We tell ourselves that it’s tough being the victim.
We are in a long term relationship where we are always made to feel wrong. We make emotional sacrifices for our partner we know we shouldn't do but, we can't help ourselves. Or, we experience the pain of another long term relationship ending, when we lose all hope for the future we had imagined together, we’re bawling our eyes out again...trying to understand what happened.
Sometimes we feel so wounded and jaded that we think that love may not be for us. We feel as though we’ve been dating a long line of people who’ve never appreciated our delicate hearts—hearts that we often protect with strong words and tough stances.
Every relationship seems like we just give, give, give and in the end we are left with nothing.
We begin to believe we’ve done something wrong or that something is wrong with us. We chalk it up to karma or punish ourselves for our mistakes. It’s tough living our life, always sacrificing our needs for the ones we love, want to support or protect because we don’t have the courage or discipline to live the life we really want.
It’s even more challenging when we are raised by a parent who struggles with this too. We empathize deeply with their pain, wishing desperately we could fix it for them, only to find ourselves repeating their patterns in our own victimizing relationships.
Perhaps we are not victims at all. Perhaps we are beginning to realize we are codependent.
Perhaps we have actually been given a golden opportunity to take back our personal power and finally wake up.
If we could learn to see our patterns from another perspective and be accountable for that pattern—where those we loved could not—we just might find the love we desire and so deeply deserve.
I was raised by codependent parents.
Although, I feel co-dependent relationships were more social-generational norms than choice. I’ve often teased and called it the “Wait till your father gets home” generation. The roles of the man and woman were clear—he hunted and she took care of the hearth.
Women were just stepping into the workforce demanding power and equality when my baby-boomer parents were getting ready to have kids in the ‘burbs. In 1969 my own mother sacrificed her youthful explorations and desires to have a baby before she was ready to. She always wanted children, but started sooner because of the draft to the Vietnam war.
She continued to make compromises like this her entire marriage—sacrificing her needs for her husband’s and her family’s a little too much. She gave up school, jobs, creative pursuits, friends and oftentimes her personal happiness for the sake of her relationship with my father, my brother and me.
When the family dynamics changed and we moved on with our lives she still had a hard time letting go of her role as the victim, helper and saver despite her new-found personal and financial freedoms. And I can I understand why—it’s painful to do.
I had to move through such a role in my love life too, despite the familiarity and comfort of being the caretaker, helper, confidant and fixer. I had to move through the intense grief and powerlessness of that role. I cried many times over for myself and my mother. As I did my personal transformation work, I reviewed my choices, behaviors and energetic dating patterns in a move to reclaim, let go of and redefine who I was and what I wanted for my love life.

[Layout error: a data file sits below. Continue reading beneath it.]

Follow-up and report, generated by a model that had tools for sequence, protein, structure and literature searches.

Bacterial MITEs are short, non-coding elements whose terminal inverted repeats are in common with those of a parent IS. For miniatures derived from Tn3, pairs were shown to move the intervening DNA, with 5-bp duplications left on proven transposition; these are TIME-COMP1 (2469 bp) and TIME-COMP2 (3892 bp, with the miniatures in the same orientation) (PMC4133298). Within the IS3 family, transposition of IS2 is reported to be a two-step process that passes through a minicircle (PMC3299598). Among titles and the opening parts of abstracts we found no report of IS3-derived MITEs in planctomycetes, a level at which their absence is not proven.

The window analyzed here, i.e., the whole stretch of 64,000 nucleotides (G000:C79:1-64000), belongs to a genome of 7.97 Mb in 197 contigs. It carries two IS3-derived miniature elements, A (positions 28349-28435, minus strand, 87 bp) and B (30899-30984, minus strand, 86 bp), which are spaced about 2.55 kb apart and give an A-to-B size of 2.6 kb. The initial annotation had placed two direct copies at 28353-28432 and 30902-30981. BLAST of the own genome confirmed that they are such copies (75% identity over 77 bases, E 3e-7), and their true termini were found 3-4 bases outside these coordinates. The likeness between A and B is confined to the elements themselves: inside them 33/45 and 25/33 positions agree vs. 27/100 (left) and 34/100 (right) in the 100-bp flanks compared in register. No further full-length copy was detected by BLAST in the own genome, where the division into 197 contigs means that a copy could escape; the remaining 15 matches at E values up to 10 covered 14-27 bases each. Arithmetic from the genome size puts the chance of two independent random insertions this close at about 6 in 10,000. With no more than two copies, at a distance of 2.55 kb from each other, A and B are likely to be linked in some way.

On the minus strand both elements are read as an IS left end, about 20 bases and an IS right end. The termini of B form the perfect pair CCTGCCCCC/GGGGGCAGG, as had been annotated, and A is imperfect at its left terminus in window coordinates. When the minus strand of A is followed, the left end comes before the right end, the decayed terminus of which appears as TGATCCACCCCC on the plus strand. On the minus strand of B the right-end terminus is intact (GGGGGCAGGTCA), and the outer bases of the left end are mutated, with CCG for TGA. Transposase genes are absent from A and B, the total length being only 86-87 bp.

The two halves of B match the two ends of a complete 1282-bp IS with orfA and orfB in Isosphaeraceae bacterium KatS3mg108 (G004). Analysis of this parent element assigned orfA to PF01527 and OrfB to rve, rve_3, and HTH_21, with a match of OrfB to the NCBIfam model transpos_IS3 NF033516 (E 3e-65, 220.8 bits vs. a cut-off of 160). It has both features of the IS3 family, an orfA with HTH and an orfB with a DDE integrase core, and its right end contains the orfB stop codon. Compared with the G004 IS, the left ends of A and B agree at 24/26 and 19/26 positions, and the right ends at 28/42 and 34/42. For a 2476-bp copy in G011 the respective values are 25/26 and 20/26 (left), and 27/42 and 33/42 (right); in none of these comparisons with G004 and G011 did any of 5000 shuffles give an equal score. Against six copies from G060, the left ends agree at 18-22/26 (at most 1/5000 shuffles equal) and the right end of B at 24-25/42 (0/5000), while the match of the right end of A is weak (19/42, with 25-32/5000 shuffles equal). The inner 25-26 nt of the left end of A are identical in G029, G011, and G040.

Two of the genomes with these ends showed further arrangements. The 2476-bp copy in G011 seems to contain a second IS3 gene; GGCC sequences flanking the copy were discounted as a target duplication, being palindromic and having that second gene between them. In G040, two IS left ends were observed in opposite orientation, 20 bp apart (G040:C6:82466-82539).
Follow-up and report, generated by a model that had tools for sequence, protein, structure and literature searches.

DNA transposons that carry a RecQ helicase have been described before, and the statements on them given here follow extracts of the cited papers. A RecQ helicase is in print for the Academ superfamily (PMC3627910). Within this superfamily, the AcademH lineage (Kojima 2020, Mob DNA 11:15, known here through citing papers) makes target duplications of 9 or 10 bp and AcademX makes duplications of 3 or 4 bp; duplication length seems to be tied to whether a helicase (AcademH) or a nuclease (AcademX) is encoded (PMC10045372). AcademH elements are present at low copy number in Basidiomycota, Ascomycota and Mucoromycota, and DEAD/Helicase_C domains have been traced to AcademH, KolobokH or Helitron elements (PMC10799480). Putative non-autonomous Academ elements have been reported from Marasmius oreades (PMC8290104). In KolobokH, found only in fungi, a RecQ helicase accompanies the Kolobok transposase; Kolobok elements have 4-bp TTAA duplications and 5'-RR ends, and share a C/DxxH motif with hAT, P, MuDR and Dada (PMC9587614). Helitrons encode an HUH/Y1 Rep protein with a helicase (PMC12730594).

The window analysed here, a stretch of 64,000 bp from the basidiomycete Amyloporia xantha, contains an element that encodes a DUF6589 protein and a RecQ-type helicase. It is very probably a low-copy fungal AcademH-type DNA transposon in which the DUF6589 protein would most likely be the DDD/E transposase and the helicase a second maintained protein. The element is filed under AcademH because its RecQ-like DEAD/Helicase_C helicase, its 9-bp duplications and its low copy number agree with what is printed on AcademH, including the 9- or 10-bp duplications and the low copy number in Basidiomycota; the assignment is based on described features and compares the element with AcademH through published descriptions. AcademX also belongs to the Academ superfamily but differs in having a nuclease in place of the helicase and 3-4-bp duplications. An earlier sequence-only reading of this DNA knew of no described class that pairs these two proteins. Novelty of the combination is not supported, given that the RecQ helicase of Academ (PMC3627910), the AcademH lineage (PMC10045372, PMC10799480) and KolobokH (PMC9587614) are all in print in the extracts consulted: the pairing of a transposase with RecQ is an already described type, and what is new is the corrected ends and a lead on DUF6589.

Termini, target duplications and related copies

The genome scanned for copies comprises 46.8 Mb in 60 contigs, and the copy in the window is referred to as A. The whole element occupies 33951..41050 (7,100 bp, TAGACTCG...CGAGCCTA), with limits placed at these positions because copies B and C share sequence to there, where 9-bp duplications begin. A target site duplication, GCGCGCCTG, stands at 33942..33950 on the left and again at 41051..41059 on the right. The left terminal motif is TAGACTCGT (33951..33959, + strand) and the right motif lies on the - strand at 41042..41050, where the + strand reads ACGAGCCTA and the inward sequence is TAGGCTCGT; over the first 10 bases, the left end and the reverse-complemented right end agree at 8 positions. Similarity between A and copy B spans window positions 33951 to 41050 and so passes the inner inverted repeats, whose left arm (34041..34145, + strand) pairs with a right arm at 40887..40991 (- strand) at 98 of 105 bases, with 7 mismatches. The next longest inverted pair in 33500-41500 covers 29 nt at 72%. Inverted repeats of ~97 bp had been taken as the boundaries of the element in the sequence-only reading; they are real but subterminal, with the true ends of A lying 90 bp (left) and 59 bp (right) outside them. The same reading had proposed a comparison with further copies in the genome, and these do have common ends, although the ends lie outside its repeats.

I can see why the term codependent has expanded over the years, even though it originally came from the world of Alcoholics Anonymous and related to those who enabled the addict to the substance they were addicted to. As society started to encourage getting help and therapy as normal and positive, we all began to discover our dysfunctional upbringings and the relationships we delved into because of them, and the meaning of codependency really resonated there too.
Codependency is not always a bad way to be, however. The desire to make another happy is great unless it goes haywire. When we lose any sense of autonomy and our happiness is primarily dependent on someone else it becomes a problem. That’s why being codependent is often known as “the lost self.”
Characteristics of a codependent person:
When a codependent person gives to a partner (romantic or otherwise) beyond their capacity, it makes them feel needed, gives purpose and meaning to their lives while defining what they lack most—their sense of self-worth.
This scenario is a set-up for a match made in hell.
All too often as Codependents we find ourselves dating those who suffer from Narcissistic Personality Disorder. While low self esteem is our common core issue, the narcissist can never have enough attention and admiration, and as the co-dependents, we can’t stop ourselves from giving it—even if it’s to our own detriment.
We are the sum total of our behaviors and actions, the ones we were raised with and the ones we learned along the way…until we are not.
The beautiful thing about intense suffering is that it gives us awareness. Awareness gives us the capacity to make changes. Changes will rebuild the cause of the problem—lack of self worth and self esteem—which will shift our perspective and choices in the tumultuous world of love.
If we want to move beyond our unhealthy codependent relationships, we need to:
All relationships, romantic and otherwise, are interdependent. Even the most independent person in the world, no matter their net worth or autonomy relies on someone else. The steps to slowly rebuilding our self worth and self esteem will take us out of the world of codependency and into the balanced world of autonomy and giving—interdependence.
Author: Heather Dawn
A version of this blog originally appeared in Heather Dawn's column on Elephantjournal.com